24. In 1902, an elephant named Alice at the Lincoln Park Zoo fell ill. The zookeepers gave her whiskey as a pick-me up. Unfortunately, it turned her into an alcoholic.

25. Chicago has 26 miles of public beaches that offer a refreshing respite from the summer heat.

All images courtesy of Thinkstock

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Opening Ceremony
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These $425 Jeans Can Turn Into Jorts
May 19, 2017
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Opening Ceremony

Modular clothing used to consist of something simple, like a reversible jacket. Today, it’s a $425 pair of detachable jeans.

Apparel retailer Opening Ceremony recently debuted a pair of “2 in 1 Y/Project” trousers that look fairly peculiar. The legs are held to the crotch by a pair of loops, creating a disjointed C-3PO effect. Undo the loops and you can now remove the legs entirely, leaving a pair of jean shorts in their wake. The result goes from this:

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Opening Ceremony

To this:

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Opening Ceremony

The company also offers a slightly different cut with button tabs in black for $460. If these aren’t audacious enough for you, the Y/Project line includes jumpsuits with removable legs and garter-equipped jeans.

[h/t Mashable]

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This First-Grade Math Problem Is Stumping the Internet
May 17, 2017
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If you’ve ever fantasized about how much easier life would be if you could go back to elementary school, this math problem may give you second thoughts. The question first appeared on a web forum, Mashable reports, and after recently resurfacing, it’s been perplexing adults across social media.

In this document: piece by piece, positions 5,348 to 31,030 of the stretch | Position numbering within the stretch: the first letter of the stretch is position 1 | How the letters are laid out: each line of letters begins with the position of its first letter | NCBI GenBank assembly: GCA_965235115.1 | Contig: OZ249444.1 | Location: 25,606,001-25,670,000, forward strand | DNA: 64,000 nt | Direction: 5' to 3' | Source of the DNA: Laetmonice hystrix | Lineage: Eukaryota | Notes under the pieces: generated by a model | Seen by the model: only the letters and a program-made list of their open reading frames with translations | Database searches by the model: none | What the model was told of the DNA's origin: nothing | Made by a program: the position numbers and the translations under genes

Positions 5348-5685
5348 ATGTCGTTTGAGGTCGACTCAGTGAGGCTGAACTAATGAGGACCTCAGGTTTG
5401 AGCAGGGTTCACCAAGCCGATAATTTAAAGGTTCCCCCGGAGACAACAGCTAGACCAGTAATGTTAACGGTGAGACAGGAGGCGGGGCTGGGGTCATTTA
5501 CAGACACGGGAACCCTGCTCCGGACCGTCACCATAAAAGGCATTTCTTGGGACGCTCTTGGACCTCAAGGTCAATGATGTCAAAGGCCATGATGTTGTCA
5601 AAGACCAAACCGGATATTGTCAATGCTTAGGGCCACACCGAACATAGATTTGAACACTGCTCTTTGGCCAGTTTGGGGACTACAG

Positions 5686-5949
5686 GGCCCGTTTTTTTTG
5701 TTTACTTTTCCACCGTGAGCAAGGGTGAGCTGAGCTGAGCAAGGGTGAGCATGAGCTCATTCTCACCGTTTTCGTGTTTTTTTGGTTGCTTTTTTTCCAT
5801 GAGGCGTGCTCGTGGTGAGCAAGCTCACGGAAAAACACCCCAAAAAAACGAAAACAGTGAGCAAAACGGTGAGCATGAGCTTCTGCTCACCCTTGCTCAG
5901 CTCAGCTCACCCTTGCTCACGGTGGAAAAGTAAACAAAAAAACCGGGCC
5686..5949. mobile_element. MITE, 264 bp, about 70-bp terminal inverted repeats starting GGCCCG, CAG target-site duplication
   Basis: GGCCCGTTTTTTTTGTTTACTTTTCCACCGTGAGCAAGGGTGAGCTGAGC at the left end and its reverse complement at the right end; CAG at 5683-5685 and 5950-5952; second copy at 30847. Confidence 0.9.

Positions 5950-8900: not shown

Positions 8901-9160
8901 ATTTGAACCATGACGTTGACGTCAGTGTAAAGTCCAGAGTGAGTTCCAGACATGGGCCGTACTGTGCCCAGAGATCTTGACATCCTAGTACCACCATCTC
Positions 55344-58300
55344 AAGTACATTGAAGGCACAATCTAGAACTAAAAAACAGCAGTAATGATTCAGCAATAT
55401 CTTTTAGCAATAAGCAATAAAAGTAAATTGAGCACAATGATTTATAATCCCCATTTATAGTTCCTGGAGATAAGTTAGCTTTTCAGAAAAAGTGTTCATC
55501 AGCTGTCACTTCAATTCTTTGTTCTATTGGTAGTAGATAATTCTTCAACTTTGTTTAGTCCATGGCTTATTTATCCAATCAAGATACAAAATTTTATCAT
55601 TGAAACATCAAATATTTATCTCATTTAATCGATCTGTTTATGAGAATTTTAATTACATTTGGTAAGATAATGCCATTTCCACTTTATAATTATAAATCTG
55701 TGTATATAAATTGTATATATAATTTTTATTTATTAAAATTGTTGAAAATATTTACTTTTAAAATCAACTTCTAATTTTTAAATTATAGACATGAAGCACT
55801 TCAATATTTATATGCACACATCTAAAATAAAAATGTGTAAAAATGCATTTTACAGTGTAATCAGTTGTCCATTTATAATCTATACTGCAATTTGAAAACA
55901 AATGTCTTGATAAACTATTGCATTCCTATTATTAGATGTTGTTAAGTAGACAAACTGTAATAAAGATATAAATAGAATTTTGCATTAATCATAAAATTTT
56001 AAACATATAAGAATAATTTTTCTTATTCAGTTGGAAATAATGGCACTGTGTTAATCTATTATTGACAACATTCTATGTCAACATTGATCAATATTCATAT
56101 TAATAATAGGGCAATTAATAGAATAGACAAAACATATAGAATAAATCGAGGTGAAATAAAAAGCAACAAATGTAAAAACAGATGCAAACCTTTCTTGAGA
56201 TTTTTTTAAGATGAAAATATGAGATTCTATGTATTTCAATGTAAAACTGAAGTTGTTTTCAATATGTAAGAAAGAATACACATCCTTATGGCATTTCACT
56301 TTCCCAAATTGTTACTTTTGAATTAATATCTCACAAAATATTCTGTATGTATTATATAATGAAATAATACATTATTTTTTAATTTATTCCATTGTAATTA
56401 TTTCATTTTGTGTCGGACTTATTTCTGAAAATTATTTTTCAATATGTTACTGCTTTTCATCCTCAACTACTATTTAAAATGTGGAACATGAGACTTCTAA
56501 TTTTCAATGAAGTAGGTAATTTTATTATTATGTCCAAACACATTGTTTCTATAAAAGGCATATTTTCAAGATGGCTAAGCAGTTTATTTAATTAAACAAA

According to the original poster AlmondShell, the bonus question was given to primary one, or first grade students, in Singapore. It instructs readers to “study the number pattern” and “fill in the missing numbers.” The puzzle, which comprises five numbers and four empty circles waiting to be filled in, comes with no further explanation.

Some forum members commented with their best guesses, while others expressed disbelief that this was a question on a kid’s exam. Commenter karrotguy illustrates one possible answer: Instead of looking for complex math equations, they saw that the figure in the middle circle (three) equals the amount of double-digit numbers in the surrounding quadrants (18, 10, 12). They filled out the puzzle accordingly.

A similar problem can be found on the blog of math enthusiast G.R. Burgin. His solution, which uses simple algebra, gets a little more complicated.

The math tests given to 6- and 7-year-olds in other parts of the world aren’t much easier. If your brain isn’t too worn out after the last one, check out this maddening problem involving trains assigned to students in the UK.

[h/t Mashable]